6. Yeah, I mentioned “Mulholland Dr” as one I could have singled out. I agree he’s a genius, but his movies sometimes feel so detached to me that I have a hard time knowing if I’m understanding his intentions in his use of sound.

    But you’ve given me a new project. :) I think I’m gonna go back and revisit those you mentioned.

  7. gustavo costantini Says:

    There are too many films to do a proper list. Sometimes one film is great for just a couple of scenes. Sometimes, the work of a director is important instead of one movie (I am thinking of Hitchcock, for instance). In some cases, the film is not good but the sound is great, and so on…
    I propose a long list, historically ordered (more or less).
    M, by Fritz Lang
    Citizen Kane, by Welles
    Letter to three wives, by Joseph Mankiewicz
    Rear Window, by Hitchcock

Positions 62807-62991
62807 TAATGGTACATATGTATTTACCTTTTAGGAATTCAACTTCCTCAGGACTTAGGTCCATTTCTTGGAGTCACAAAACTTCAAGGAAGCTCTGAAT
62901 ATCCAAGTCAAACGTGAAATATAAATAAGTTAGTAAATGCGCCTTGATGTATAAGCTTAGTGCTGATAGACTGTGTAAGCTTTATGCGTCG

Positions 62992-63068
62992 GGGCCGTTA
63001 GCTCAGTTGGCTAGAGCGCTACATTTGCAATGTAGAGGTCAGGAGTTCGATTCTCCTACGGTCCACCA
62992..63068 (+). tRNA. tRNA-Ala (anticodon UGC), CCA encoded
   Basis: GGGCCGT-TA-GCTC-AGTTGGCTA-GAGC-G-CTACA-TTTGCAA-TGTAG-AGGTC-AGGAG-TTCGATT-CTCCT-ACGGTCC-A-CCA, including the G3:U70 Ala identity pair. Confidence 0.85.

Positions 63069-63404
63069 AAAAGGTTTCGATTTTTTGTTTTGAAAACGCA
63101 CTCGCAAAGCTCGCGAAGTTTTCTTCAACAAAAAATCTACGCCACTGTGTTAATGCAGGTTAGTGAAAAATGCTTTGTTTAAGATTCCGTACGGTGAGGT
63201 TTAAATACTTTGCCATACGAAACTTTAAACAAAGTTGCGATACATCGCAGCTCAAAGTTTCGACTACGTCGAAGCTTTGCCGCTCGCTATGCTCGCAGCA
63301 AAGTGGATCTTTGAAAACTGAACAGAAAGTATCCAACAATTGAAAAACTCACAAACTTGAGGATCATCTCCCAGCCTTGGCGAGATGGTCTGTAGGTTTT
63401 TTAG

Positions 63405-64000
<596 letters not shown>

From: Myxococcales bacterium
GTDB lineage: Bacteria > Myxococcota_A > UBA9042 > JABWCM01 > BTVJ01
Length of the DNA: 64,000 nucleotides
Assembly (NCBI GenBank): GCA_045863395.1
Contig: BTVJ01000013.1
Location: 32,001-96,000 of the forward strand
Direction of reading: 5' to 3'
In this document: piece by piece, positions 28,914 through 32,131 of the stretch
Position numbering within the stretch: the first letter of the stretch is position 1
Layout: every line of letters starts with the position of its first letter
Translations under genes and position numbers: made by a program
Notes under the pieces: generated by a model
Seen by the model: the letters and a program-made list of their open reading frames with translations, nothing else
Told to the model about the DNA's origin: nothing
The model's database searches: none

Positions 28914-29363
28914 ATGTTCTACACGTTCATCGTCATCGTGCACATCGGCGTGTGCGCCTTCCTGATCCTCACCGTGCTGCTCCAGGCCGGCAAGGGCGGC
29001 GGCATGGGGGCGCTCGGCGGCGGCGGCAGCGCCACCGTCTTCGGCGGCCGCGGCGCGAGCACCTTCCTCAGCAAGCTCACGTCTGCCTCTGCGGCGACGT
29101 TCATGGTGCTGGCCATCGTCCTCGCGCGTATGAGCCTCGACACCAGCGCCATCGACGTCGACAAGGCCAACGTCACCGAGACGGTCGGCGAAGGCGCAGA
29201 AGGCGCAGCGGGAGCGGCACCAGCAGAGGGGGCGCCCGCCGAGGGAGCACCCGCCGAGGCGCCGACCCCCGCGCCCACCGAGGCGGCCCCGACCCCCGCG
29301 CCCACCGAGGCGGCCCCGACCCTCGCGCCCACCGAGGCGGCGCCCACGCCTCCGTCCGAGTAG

Kwaidan, by Kobayashi
    L’anne derniere a Marienbad, by Resnais
    Traffic, by Jacques Tati
    Playtime, by Tati
    Repulsion, by Polanski
    The Exorcist, by Friendkin
    Solaris, by Tarkovsky
    The Conversation, by Coppola
    Star Wars, by Lucas
    Provicence, by Resnais
    Stalker, by Tarkovsky
    Apocalypse Now, by Coppola
    Eraserhead, by Lynch
    Blade Runner, by Scott
    After hours, by Scorsese
    The Last Temptation of Christ, by Scorsese
    Massacre, by Elem Klimov
    Blue Velvet, by Lynch
    Jurassic Park, by Spielberg
    Saving Private Ryan, by Spielberg
    Lost Highway, by Lynch
    Mulloland dr, by Lynch
    Seven, by Ratatouille, by Brad Bird
    Gatica, by Leonardo Favio
    La Cienaga, by Lucrecia Martel